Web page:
Known for its hedges and history, Sanford Stadium has been home to the University of Georgia football team since the first half of the 20th century. But the stadium also played a role in the rise of soccer in America.

Before the 1999 Women’s World Cup truly put soccer on the map in the U.S., Sanford Stadium hosted the 1996 Olympic soccer finals. 

The 23rd anniversary of the 1996 gold medal game is coming up on Aug. 1, coinciding with this year’s push for gender equality in women’s soccer from the U.S. Women’s National Team which has brought past critical moments to the limelight.

Athens: International destination

Although the Women’s World Cup had been held twice before, 1996 was the first time soccer was opened up to women during the Olympic Games.

Eight teams — the United States, Denmark, Germany, Norway, Sweden, China, Japan and Brazil — participated in the 1996 women’s tournament. 

The teams played group stage games in Miami, Orlando, Birmingham and Washington D.C., and the four teams that advanced to the knockout stage finished the tournament in Athens. 

After defeating Norway, who has been one of the U.S.’s longest-standing rivalries in the women’s game, the Americans were set for a final at Sanford against China. 

The gold medal match was attended by over 75,000 fans and had the highest attendance for a women’s soccer match until the 1999 World Cup final drew 90,000 fans to the Rose Bowl in Pasadena, California.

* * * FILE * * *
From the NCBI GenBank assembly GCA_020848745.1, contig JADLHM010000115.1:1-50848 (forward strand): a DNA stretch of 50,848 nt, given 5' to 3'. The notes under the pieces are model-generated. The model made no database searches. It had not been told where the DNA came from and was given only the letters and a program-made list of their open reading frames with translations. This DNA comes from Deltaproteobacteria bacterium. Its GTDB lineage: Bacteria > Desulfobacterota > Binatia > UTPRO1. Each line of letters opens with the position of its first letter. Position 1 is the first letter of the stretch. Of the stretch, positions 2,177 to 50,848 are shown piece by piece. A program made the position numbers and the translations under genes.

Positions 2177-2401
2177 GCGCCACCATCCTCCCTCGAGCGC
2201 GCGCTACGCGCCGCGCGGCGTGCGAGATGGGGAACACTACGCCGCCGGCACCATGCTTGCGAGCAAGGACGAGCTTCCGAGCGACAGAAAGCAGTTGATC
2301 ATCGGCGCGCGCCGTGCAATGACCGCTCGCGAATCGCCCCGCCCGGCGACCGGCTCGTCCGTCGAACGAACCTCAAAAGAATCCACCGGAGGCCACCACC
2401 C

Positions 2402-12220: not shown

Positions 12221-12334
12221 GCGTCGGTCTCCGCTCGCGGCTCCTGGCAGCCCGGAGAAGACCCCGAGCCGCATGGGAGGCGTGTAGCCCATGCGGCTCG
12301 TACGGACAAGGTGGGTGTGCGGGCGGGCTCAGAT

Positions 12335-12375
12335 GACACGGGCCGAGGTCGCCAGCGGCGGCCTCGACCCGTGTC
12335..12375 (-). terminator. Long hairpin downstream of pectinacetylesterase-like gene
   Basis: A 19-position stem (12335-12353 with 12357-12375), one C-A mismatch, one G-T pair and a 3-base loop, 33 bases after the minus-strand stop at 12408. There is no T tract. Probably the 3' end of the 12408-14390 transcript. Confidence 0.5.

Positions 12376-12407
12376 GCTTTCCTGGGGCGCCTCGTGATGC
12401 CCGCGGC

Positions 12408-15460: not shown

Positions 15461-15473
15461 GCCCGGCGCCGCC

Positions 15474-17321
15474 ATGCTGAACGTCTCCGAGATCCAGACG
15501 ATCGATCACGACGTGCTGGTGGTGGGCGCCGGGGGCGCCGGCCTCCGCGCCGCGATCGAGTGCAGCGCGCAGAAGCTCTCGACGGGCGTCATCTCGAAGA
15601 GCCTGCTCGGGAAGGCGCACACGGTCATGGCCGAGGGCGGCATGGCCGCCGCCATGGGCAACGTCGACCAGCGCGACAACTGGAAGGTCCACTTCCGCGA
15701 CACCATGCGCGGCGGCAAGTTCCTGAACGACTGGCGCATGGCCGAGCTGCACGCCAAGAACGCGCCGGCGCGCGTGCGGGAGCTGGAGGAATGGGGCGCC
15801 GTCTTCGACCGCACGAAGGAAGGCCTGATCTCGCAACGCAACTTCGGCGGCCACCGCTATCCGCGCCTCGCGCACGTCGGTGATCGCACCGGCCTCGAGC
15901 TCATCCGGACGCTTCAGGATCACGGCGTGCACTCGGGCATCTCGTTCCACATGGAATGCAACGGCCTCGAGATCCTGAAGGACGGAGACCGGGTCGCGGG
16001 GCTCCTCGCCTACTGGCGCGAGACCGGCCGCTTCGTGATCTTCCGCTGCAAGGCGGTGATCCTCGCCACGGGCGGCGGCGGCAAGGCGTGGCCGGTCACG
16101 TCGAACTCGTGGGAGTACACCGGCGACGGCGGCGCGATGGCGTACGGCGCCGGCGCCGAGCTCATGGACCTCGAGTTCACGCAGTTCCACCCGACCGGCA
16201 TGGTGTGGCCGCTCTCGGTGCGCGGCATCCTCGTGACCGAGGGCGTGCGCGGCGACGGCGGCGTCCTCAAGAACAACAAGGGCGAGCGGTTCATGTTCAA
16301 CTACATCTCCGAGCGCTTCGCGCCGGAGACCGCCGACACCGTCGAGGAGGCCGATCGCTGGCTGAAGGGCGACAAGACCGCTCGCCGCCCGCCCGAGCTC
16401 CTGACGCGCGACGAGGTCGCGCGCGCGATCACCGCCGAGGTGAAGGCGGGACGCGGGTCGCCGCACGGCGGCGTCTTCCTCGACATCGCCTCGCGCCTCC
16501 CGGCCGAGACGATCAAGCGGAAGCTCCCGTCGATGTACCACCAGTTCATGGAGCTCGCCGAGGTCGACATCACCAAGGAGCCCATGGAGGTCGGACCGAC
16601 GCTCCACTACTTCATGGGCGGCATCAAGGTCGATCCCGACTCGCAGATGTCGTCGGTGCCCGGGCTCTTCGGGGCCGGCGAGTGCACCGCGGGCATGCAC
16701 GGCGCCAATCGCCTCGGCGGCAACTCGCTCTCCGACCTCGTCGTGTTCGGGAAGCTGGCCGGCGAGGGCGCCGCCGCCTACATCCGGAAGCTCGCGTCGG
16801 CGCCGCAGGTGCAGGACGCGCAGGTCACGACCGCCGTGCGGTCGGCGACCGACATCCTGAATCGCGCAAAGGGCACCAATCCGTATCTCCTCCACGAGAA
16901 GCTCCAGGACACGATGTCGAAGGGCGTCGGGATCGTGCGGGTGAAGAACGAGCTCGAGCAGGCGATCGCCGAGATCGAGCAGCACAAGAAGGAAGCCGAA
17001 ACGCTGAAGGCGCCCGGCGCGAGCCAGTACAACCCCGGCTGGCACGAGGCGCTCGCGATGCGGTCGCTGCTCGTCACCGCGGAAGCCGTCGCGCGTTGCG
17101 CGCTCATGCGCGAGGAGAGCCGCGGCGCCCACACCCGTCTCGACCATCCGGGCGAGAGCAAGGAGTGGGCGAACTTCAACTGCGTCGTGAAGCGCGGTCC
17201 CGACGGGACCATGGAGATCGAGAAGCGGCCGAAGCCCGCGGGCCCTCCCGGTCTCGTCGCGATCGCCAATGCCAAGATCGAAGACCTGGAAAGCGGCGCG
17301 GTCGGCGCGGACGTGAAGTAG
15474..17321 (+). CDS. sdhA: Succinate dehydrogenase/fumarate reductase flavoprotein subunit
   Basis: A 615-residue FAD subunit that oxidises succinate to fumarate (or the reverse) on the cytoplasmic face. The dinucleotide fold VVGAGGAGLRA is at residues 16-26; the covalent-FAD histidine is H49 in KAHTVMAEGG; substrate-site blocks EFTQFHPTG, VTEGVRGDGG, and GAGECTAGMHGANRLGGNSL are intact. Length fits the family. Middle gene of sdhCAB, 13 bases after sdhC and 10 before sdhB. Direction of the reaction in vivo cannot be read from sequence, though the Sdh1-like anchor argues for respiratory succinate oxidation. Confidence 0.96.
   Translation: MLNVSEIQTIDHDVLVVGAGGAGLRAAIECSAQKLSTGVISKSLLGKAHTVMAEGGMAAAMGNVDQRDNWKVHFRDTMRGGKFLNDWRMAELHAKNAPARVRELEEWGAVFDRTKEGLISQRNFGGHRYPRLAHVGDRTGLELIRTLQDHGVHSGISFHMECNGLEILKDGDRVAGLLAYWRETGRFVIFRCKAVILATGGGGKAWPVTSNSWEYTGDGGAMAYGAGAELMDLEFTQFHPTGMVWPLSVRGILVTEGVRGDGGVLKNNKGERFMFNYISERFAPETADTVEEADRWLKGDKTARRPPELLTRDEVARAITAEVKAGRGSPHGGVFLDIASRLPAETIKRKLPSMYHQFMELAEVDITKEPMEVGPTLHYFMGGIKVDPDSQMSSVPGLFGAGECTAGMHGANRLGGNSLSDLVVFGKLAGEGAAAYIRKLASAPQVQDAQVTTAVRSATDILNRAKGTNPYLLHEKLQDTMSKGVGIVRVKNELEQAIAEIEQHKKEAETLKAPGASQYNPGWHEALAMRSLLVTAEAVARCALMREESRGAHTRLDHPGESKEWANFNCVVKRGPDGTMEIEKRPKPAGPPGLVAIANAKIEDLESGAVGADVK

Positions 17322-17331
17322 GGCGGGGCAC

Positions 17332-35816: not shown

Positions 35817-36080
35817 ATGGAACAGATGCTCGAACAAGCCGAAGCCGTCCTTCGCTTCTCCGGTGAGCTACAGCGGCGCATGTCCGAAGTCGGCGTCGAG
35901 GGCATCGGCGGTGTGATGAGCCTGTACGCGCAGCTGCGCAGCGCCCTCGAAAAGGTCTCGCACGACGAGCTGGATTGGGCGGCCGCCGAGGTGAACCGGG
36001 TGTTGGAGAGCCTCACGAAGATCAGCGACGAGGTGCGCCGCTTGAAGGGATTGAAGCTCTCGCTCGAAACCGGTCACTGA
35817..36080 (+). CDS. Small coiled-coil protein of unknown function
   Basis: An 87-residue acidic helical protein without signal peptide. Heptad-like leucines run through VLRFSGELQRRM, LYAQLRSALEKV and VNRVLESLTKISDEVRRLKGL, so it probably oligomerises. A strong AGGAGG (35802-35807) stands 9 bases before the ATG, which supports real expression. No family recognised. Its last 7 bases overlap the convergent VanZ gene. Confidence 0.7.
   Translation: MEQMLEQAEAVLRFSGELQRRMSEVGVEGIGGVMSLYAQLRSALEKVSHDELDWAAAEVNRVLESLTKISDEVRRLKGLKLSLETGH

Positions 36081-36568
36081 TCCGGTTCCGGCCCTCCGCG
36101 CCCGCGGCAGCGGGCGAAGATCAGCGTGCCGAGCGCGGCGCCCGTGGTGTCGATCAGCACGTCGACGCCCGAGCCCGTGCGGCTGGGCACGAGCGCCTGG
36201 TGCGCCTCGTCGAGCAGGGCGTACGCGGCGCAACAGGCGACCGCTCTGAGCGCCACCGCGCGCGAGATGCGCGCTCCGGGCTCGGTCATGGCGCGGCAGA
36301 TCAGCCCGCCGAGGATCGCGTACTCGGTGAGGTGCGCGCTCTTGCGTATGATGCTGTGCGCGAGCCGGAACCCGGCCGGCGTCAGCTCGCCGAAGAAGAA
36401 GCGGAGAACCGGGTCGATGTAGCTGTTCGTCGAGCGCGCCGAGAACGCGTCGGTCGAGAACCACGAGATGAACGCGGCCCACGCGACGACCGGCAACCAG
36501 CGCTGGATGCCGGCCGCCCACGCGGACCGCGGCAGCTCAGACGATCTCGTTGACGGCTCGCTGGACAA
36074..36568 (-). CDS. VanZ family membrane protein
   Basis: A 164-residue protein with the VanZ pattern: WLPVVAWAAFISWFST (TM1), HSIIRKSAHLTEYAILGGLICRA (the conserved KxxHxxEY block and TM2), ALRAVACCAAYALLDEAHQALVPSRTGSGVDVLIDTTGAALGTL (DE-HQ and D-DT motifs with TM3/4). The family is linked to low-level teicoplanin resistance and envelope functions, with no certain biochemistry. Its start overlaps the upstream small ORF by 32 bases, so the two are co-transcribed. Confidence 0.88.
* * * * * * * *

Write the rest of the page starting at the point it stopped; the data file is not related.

However, NBC decided not to televise the gold medal game. The 75,000 fans, by the volume of attendance, seemed to immediately invalidate the network’s decision. The NBC decision has become infamous, and networks began to take notice heading into the 1999 World Cup. 

Marc Lancaster, who was a sports reporter for The Red & Black at the time of the games, worked as a press box volunteer through the summer, seeing how the games affected Athens. 

“The soccer culture in the U.S. at the time was not anything like it is now,” Lancaster said. “And because the games were at Sanford, it was relatively easy to get tickets compared to some of the higher-demand events in Atlanta like swimming, track and gymnastics. So the crowds were really good. And the games turned out to be great.”

Lasting legacy

As great as the turnout was, there was an immediate response from some Georgia fans who were up in arms about the removal of the hedges. Other feelings about the match were influenced by Americans’ impressions of the sport.  

“Even without the hedge issue there were plenty of people upset that soccer — a wussy, non-American sport — was going to be played on hallowed ground,” Lancaster said.

Then-Georgia athletic director Vince Dooley had to address the issue at length with the football season starting at the end of that month. The new hedges arrived before the start of the season. 

To assuage the concerns of fans and locals, supporters argued the games would have positive results on the city. Hosting Olympic events was anticipated to bring money to the community and put the Classic City in the international spotlight. 

However, Athens may have helped bring greater changes to women’s soccer, providing the USWNT with its first spotlight moment, years before the 1999 World Cup win. 

“Most of the key players from that legendary ’99 U.S. team were also on the ’96 Olympic team,” Lancaster said. “So when everything really exploded with them winning the World Cup at the Rose Bowl three years later, I think those of us who were there in Athens for the gold medal game felt like we were sort of early adopters of the USWNT.”

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